Seeing isn't necessarily seeing September 25 2016

 

My son and his cousin were best friends and just two years old. My son was laid back, easy-going and slightly clandestine. His cousin was more vocal and visibly determined. He may have sometimes taken the fall for my son’s orchestrations. 

One day my nephew threw a traditional temper tantrum, possibly provoked by something my son did. My nephew found his mother in the kitchen, threw himself on the floor in front of her, and flailed and cried.

My son watched. 

Later, my son came in the kitchen where I was. He waited for me to turn and look, and then threw himself on the floor, kicking and screaming.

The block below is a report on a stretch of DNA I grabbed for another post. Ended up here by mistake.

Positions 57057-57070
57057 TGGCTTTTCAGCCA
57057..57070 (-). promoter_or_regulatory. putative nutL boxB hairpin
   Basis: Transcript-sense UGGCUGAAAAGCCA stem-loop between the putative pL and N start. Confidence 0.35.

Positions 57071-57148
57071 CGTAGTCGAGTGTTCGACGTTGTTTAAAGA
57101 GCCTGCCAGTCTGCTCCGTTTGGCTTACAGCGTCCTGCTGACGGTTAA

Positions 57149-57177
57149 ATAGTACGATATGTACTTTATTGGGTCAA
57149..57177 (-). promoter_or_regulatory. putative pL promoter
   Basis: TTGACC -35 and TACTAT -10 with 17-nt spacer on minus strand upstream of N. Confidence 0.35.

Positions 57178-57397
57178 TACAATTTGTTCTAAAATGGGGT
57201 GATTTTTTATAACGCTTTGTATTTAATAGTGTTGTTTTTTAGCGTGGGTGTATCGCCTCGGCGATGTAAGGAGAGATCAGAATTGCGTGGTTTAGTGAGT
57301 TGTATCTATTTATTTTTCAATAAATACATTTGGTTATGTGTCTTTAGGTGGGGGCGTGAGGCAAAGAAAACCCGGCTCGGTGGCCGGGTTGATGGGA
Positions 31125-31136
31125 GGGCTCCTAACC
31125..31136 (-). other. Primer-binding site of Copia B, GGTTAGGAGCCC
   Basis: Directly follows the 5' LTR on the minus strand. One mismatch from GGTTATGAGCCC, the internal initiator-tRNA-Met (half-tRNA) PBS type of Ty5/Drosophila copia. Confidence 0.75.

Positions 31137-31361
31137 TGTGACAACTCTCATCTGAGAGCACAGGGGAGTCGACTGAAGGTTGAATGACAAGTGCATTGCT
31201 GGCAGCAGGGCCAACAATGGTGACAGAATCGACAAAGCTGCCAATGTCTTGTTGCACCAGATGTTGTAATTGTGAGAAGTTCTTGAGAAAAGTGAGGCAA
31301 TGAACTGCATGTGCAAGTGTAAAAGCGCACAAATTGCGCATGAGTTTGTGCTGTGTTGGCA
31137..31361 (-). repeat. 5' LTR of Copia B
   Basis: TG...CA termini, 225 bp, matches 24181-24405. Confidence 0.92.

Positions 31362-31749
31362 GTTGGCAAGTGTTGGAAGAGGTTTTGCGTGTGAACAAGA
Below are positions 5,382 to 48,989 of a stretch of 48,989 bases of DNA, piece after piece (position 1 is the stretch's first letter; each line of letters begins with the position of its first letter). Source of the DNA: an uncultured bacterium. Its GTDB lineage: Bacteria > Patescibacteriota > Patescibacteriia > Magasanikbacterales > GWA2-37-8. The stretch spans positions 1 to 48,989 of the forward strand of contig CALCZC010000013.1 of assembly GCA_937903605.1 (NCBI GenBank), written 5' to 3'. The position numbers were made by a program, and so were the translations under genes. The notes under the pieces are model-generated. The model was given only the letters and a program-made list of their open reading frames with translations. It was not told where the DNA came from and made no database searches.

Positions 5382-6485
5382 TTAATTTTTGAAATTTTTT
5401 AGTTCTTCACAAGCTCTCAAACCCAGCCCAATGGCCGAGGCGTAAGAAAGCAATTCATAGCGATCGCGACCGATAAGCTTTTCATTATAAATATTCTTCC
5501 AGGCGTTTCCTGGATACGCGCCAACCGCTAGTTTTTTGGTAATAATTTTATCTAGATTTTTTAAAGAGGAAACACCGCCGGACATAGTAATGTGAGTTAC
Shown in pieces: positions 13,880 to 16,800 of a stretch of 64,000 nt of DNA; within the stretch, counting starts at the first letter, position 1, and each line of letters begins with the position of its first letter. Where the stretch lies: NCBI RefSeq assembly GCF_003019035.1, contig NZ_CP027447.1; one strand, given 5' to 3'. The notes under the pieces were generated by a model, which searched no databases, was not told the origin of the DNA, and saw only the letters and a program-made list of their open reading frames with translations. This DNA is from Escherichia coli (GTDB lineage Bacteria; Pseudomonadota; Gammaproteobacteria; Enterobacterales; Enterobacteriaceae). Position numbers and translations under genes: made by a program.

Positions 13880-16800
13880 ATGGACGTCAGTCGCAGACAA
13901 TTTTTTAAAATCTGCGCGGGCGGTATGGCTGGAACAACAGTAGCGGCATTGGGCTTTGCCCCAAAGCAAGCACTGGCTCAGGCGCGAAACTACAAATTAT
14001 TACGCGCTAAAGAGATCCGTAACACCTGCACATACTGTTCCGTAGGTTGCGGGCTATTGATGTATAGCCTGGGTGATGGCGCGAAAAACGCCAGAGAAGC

I laughed so hard, I cried. 

It was side-splitting because that was not his personality; he lacked conviction and passion. Then too, he didn’t realize that he was supposed to demand something. I was supposed to say no. And then he was supposed to put on his little show. 

My son then stood up, shrugged as if to say “I don’t understand what he gets out of that” and walked away. 

When things are observed only through our own lens, we may be missing the most important piece to truly “get” what is going on.

You can see my "Morning glory" sushi plate here.

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